title: 'Gergiev brings Prokofiev to the Edinburgh Festival' published: true publish_date: '31-08-2016 14:56' taxonomy: category:
- Politics tag:
- Sergei Prokofiev
- Russian music 'Post Type':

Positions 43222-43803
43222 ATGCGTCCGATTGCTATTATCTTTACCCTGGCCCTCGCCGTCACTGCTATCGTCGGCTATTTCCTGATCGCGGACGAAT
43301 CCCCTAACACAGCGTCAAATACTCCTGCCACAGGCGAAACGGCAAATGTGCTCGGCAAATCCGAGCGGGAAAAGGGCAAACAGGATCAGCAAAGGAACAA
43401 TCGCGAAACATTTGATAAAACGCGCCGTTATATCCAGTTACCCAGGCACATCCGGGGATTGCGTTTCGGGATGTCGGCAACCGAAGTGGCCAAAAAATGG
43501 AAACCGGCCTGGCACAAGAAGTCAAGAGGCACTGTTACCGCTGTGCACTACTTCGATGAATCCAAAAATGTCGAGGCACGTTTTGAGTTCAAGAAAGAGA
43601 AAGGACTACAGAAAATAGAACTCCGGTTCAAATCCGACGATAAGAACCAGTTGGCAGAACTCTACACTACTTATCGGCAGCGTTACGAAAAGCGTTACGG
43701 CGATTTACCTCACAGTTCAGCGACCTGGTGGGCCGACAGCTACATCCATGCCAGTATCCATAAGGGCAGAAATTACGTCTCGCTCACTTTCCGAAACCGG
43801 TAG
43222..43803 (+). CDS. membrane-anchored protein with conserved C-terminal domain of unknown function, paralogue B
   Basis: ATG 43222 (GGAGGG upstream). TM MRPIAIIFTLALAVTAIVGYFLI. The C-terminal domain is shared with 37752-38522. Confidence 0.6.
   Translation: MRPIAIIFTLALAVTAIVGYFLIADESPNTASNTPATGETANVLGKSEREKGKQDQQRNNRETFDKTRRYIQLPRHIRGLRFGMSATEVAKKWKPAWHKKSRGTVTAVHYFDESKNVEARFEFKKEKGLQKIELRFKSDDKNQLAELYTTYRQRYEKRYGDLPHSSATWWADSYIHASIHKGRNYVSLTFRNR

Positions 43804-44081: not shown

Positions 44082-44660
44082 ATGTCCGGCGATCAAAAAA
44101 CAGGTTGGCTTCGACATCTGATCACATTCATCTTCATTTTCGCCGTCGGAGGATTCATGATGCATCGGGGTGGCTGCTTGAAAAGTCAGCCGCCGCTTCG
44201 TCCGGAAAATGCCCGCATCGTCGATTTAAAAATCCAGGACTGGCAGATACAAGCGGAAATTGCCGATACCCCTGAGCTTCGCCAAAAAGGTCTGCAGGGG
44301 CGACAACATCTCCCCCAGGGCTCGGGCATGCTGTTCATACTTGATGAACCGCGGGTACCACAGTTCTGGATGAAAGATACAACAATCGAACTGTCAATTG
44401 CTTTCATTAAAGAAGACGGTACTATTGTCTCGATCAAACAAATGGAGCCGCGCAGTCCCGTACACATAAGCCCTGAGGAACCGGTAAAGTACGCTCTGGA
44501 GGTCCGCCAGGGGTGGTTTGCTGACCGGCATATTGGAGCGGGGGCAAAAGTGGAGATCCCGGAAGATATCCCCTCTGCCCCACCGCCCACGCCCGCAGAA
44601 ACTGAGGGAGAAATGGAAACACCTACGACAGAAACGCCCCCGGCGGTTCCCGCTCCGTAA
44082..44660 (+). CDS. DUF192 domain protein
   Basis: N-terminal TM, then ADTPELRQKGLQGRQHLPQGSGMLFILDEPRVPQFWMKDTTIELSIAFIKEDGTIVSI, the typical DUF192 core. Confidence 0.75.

Russian music is at the forefront of the Edinburgh international arts festival. Sergei Prokofiev, who composed the dramatic Alexander Nevsky cantata, was brought to the festival by Russian conductor Valery Gergiev. VoR's Alice Lagnado reports. Months of advance planning The Edinburgh Fringe festival enjoys a high profile in the UK and abroad. But alongside the alternative comedy and predictably provocative physical theatre is the Edinburgh International Festival, which shows off some of the world’s most outstanding orchestras, opera and ballet companies. Choosing which companies to work with and which pieces to play or sing is a task which needs months of advance planning. Matthew Studdert-Kennedy is in charge of classical music programming at the festival. VoR’s Alice Lagnado asked him how the decision was made to launch the festival with Prokofiev’s Alexander Nevsky cantata, conducted by the Mariinsky Theatre’s artistic director, Valery Gergiev: “One of the themes that we have running through this year’s festival is to do with art and technology. “It’s a bit of an oblique take, but obviously the original Prokofiev score for Nevsky was written for the Eisenstein film and then later he made this cantata. “So there’s a relationship between film and music here. “And that’s one of the things that runs throughout the programme – not just the Russian aspects of it but all of the programme we’re presenting. “We’ve got the Philip Glass ensemble performing to the Jean Cocteau film La Belle et la Bête, for example.” Singing in Russian Another reason to stage the cantata is that it is a great piece for the Edinburgh Festival Chorus, which always takes part in the festival’s opening concert. The chorus is made up of 150 Scotsmen and women - hardworking doctors, accountants or teachers by day, and serious classical singers by night. For this particular concert, there was the added difficulty of having to sing in Russian. Christopher Bell is the group’s chorus master: “Not a lot of people speak Russian, but we as a chorus are used to singing in foreign languages, so we’ll write in transliterations and phonetic pronunciations, so that we are aware of what we should be saying and singing when we’re doing the piece. “But then we’ll also get a language coach, who will come and instruct us on the finer aspects of the language. “We’ve worked very hard – I’m delighted to say that Valery Gergiev was very complimentary about the chorus’s Russian. “He only corrected one word, and so that’s fine.” Christopher demonstrated the two different version: Rehearsals Working with Russia’s star conductor, Valery Gergiev, was revealing. Bell said: “Valery has a reputation of not wanting to rehearse terribly much, and having his rehearsals really quite short, so we made sure we were extremely well prepared before we arrived. “But the truth of the matter is, he has used every minute of every rehearsal. “He has told stories, he has painted pictures, he has made colours. “He has, as a result of his attention to detail, lifted the performance to another level – and that’s quite spectacular! “The amazing thing is that we met a world-class star who really was world-class.” Choosing the Russian National Orchestra Another one of the Slavic choices for this year was the Russian National Orchestra, conducted by Mikhail Pletnev. Classical music programmer Matthew Studdert-Kennedy said: “Well, we tend to cast up, and we tend to invite those orchestras who we really believe can bring something very special to the Festival. “So the Russian National Orchestra went down a bomb last time. “It was an absolutely fantastic concert: they had Vadim Repin. “This year they come with Nikolai Lugansky playing Rachmaninov concertos.” Combining classics with little-know nuances Matthew admits that a trick concert programmers use is to stage a popular classical piece – and combine it with a little-known work which on its own might fail to entice audiences. For example, later in August Nikolai Luganskywill play Rachmaninov’s second piano concerto, which is known to many from David Lean’s film Brief Encounter, together with the Russian National Orchestra. But after the Rachmaninov the orchestra will play The Seasonsby Alexander Glazunov. The music was composed to accompany a one-act ballet choreographed by Marius Petipa and danced by Anna Pavlova in the early 1900s. Like Vivaldi’s famous Four Seasons,it depicts the different stages in the Russian year, from bracing winter frosts to the gentle joy of new spring blossoms. Matthew Studdert-Kennedy: “I’ve certainly – and I look at concert programmes pretty much for a living, I do it every day, look at what’s programmed across UK and Europe, and it’s never jumped out at me, a concert performance of the Glazunov. “But it’s really wonderful music. “And I guess at the ballet each season is sometimes performed as an individual entity, and in the concert hall equally I think it’s possible to do it that way, but we’re doing the complete cycle, the complete year. “What Vivaldi wrote in his Four Seasons sounds very different to Glazunov’s Seasons, which are very Russian, a very ‘High Romantic’ Russian version of the Seasons.” And the two Russian pianists at the Festival this year, Nikolai Lugansky and Daniil Trifonov, bring to it a particular quality of playing. Matthew Studdert-Kennedy: “It always touches me in a different way, I have to admit. “Hearing a Russian pianist playing Russian music is always quite revealing. “There seems to be a bit of freedom that they find, some more colour. “For example, a pianist like Daniil Trifonov - he’s very reactive. “Obviously, he knows the music inside out, but you never have the sense that he’s performing it the same way that he did last week. “It feels incredibly fresh, and there’s a certain joie de vivre that comes with that.” The international festival, with its wealth of classical concerts, may sometimes seem a bit highbrow compared with the Fringe. But the Russian component of this year’s festival is easy to like. It is full of high energy – and great drama.